NEWS broke from the Netherlands last week that the Dutch government plans to close five of its prisons over the next few years because the cost of maintaining them is too high. A plan that admittedly sounds a little bleak on first reflection, but the underlying reason is definitely to be celebrated

 The closures come thanks to the country’s declining crime rate – or in other words, a lack of prisoners.

This is the third time the Netherlands has embarked on mass jail closures, having already closed 23 in total since 2014, with crime rates in the country dropping at an average annual rate of 0.9%.

Even despite renting out prison space to countries like Belgium and Norway, prisons are still lying empty – and the Dutch government has big plans to put them to better use for the benefit of the country.

READ MORE: UNRWA: Israel needs the agency to continue operating

The Dutch government said that the decision is the culmination of intentional policy to pass shorter prison sentences as well as the steadily declining rate of serious crime. Admittedly a bit of a geek in terms of criminal justice reform, I couldn’t not delve into this a little further.

Most interestingly, what I found was that while inmate numbers in the Netherlands have plummeted by more than 20,000 in two decades, inmate numbers in the UK increased by more than 10,000 in the same time period.

The Netherlands has also seen a sharp decline in jail sentences for young offenders, and the adoption of a rehabilitation approach was cited as the reason that in 2018, more than half of offenders did not go on to re-offend – a result that the UK could learn much from, given that here around 75% of offenders will re-offend within nine years of leaving the prison system.

In essence, the UK’s approach to criminal justice has us entrapped in a cycle of perpetual prison building to house offenders who are statistically very likely to re-offend, for the benefit of precisely no-one and at the expense of the taxpayer, and the most vulnerable in society.

The National: She was sentenced at Medway Magistrates Court

Meanwhile the Netherlands has freed up resources from enforcing punitive criminal justice measures that are instead invested in pressing societal issues like housing shortages and refugee intake. And those at risk of offending, or those who have offended in the past, are supported to better their lives and are treated with compassion.

The Netherlands’ decriminalisation of drug use and sex work is undoubtedly a key player in this conversation.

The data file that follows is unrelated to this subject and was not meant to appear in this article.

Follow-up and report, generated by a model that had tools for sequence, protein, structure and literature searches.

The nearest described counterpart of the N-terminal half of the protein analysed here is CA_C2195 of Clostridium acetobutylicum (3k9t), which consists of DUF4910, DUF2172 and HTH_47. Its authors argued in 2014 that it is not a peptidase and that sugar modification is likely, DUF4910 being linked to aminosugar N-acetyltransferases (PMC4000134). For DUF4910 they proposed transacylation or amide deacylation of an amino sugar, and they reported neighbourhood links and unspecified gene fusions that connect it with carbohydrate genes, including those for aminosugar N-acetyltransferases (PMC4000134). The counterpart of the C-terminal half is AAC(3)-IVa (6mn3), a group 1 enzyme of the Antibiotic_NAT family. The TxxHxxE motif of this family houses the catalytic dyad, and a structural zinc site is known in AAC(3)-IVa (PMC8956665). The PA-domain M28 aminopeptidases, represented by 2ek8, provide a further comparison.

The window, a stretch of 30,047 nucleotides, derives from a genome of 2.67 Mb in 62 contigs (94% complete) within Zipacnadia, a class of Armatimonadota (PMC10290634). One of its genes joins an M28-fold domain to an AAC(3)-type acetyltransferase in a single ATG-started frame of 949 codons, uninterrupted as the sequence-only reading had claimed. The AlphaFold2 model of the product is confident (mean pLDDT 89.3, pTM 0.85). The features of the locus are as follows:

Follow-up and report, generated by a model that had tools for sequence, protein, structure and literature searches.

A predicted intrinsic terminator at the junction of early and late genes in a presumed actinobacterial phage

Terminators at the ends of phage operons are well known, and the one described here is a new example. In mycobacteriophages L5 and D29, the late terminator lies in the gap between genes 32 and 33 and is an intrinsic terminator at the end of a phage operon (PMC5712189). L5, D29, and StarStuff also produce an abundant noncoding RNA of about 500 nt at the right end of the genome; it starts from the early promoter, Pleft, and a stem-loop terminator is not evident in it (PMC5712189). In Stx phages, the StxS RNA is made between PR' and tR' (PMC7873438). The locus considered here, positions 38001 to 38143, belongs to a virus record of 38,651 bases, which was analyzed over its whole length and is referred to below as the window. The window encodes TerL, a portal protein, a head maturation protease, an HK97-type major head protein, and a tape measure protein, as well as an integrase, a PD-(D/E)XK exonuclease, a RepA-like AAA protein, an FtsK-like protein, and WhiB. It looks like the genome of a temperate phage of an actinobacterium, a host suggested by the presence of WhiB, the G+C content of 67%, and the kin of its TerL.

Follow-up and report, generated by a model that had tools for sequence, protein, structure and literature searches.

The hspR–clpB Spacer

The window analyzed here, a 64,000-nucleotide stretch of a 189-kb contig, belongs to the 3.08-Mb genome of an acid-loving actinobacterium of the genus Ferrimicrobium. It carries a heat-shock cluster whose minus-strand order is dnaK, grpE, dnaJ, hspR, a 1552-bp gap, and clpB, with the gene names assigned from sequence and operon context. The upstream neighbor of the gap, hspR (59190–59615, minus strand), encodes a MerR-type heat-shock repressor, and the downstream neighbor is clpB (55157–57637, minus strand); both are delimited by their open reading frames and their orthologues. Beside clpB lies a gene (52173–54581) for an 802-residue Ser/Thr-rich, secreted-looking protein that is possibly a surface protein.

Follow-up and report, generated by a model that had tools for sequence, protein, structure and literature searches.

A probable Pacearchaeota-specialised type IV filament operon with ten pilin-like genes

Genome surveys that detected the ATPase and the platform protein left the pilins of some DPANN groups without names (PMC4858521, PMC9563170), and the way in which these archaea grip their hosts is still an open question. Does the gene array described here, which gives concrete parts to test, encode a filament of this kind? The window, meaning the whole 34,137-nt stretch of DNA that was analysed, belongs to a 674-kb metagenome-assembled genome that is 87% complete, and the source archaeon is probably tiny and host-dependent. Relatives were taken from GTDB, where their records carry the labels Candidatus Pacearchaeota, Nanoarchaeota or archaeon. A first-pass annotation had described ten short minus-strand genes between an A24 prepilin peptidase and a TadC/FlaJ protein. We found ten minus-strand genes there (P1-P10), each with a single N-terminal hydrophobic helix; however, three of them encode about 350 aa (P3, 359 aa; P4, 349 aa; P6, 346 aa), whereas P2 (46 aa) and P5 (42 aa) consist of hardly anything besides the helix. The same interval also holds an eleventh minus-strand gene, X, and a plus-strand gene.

By treating drug addiction through the lens of public health rather than criminal justice, harm reduction and rehabilitation have been the focal point of policy, which has unsurprisingly led to a decrease in drug-related crime. And the legalisation and subsequent regulation of the sex work industry have led to safer working conditions and a state obligation to protect the rights of sex workers, as is the case for every other industry.

The legislation made a distinction between voluntary sex work and forced prostitution, with the latter being a key crackdown target for consecutive governments since legalisation in 1999.

Though this hasn’t come without its challenges and subsequent short-sighted policies such as Project 1012 that rolled back some of the most important progress made in the sex work industry in history, it’s clear that legalisation in these contexts has reduced prison capacity significantly, and has resulted in better outcomes for society and would-be offenders.

READ MORE: Scottish Labour ‘doing absolutely nothing on Brexit’, SNP say

The move also allowed for focus to be directed to the prevention and tackling of serious crime.

We can like it or lump it, as we in the UK are in the midst of our largest prison-building programme in the last century while the Netherlands are re-purposing former prisons into vital community infrastructure like schools and student accommodation, addressing shortages and bettering outcomes for local communities.

An example of a tried and tested rehabilitation and human rights centred approach to criminal justice that works. And as a result, because the needs of the population are being more readily met, crime rates are plummeting.

How much longer can the UK march ahead with the tried and perpetually failed “tough on crime” approach before we finally admit that we’ve got it spectacularly wrong?

Unfortunately, I won’t hold my breath for the time being.

Given the psychology of crime and its root causes, and the UK’s diabolical record on poverty and inequality, it doesn’t take a genius to decipher why our criminal justice system is hurtling in an almost impressively opposite direction to that of our Dutch friends.

READ MORE: Tory MSP criticised for billing taxpayer for 'vanity' photos

I fear the political priorities of successive Westminster governments not only haven’t done enough to tackle public safety, but actively and knowingly contribute to its hindrance. Basic knowledge of crime reduction tells us that if people are sufficiently fed, watered, housed and have what they need, crime falls.

In a United Kingdom of nations where almost 30% of children go to bed hungry, is it any wonder we are contending with a spiralling criminal justice system?

It’s time for a serious remodelling of how our society functions, and criminal justice is a great place to start because genuine reform requires a holistic approach that begins and ends with how our government approaches its greatest responsibility – the safety of its citizens, and the lengths it will go to to ensure our basic human rights are sufficiently met.

A topic for an independent Scotland perhaps, given that while Rishi Sunak’s day in the sun seems to thankfully be coming to an end, his Labour clone Keir Starmer is unlikely to do a radical shake-up of, well, anything.